Qantas’ passengers forced to use chutes to evacuate aircraft

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December 15, 2019
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Terrified Qantas passengers were forced to use emergency slides to evacuate a Perth bound plane after a foul-smelling “smoke-like haze” filled the cabin.

One passenger was taken to hospital while others were treated for minor injuries at Sydney Airport.

Flight QF 575, a 271-seat Airbus A330, developed a hydraulic problem in one of three of its systems 20 minutes after take-off from Sydney on route to Perth and the captain turn back.

Everything was routine until the crew turned the A330 off the runway after landing.

SEE: New podcasts tell a very different story on Lion Air MAX crash.

The hydraulic leak prevented the pilots from steering the aircraft and they had to call for a tug to tow it to the gate.

Passengers complained of a foul-smelling burning smell, thought to be the leaking hydraulic fluid.

At the gate both forward aero-bridges were connected but the cabin started to fill with the misty haze, promoting the captain to order an evacuation.

Three rear chutes were deployed for passengers in the rear of the plane.

One passenger told AirlineRatings.com that incident was handled extremely well.

“The crew were firm and fantastic,” he said.

“The captain had briefed us on the issue on the return and the cabin crew were so professional.”

But for a number of passengers the incident was terrifying.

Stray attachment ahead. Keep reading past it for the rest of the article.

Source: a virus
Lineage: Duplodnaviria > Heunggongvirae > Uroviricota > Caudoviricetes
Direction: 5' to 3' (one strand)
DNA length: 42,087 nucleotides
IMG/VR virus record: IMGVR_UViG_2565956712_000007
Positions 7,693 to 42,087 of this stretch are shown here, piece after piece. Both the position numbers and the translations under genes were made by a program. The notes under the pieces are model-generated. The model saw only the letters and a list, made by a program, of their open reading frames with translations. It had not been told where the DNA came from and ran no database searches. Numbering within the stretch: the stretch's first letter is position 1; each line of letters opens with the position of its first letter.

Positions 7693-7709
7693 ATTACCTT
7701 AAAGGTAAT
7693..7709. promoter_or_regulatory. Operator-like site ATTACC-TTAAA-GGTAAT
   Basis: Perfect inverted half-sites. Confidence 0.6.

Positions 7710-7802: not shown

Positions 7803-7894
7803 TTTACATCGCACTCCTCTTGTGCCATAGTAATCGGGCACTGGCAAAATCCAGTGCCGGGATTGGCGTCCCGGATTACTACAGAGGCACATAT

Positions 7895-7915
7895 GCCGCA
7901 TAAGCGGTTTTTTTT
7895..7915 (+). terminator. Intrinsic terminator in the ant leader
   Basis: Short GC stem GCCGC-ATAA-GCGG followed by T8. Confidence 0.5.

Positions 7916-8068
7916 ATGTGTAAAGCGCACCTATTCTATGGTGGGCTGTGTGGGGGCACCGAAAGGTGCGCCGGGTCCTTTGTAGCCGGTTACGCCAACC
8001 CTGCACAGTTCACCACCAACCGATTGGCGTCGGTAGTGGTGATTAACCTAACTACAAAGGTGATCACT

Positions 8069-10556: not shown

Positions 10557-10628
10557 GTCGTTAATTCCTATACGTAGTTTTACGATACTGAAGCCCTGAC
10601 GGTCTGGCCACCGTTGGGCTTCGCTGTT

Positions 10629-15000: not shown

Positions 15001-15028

On Twitter Ally Kemp said: “Everyone had to exit the plane via slide onto Sydney tarmac after the cabin filled with smoke and the captain screamed evacuate. Terrifying.”

Another, EvilHomer saw the lighter side of it and tweeted; “@Qantas well that was fun, turning out to be an eventful holiday. Cabin crew were fantastic”

Passengers had to wait two hours to retrieve their carry-on bags which were left behind in the emergency evacuation.

Qantas was aiming to get all passengers to Perth by late yesterday today but full flights were making this a challenge. The airline was looking to put on an additional flight.

Qantas said it believes that the haze in the cabin was caused by the hydraulic fluid leaking onto the air-conditioning system.

“Once the aircraft was back on the gate there were reports of a thick haze in the cabin, likely caused by hydraulic fluid entering the air conditioning unit.”

“Two passengers were treated for injuries sustained from using the slides and another passenger was taken to hospital as a precaution.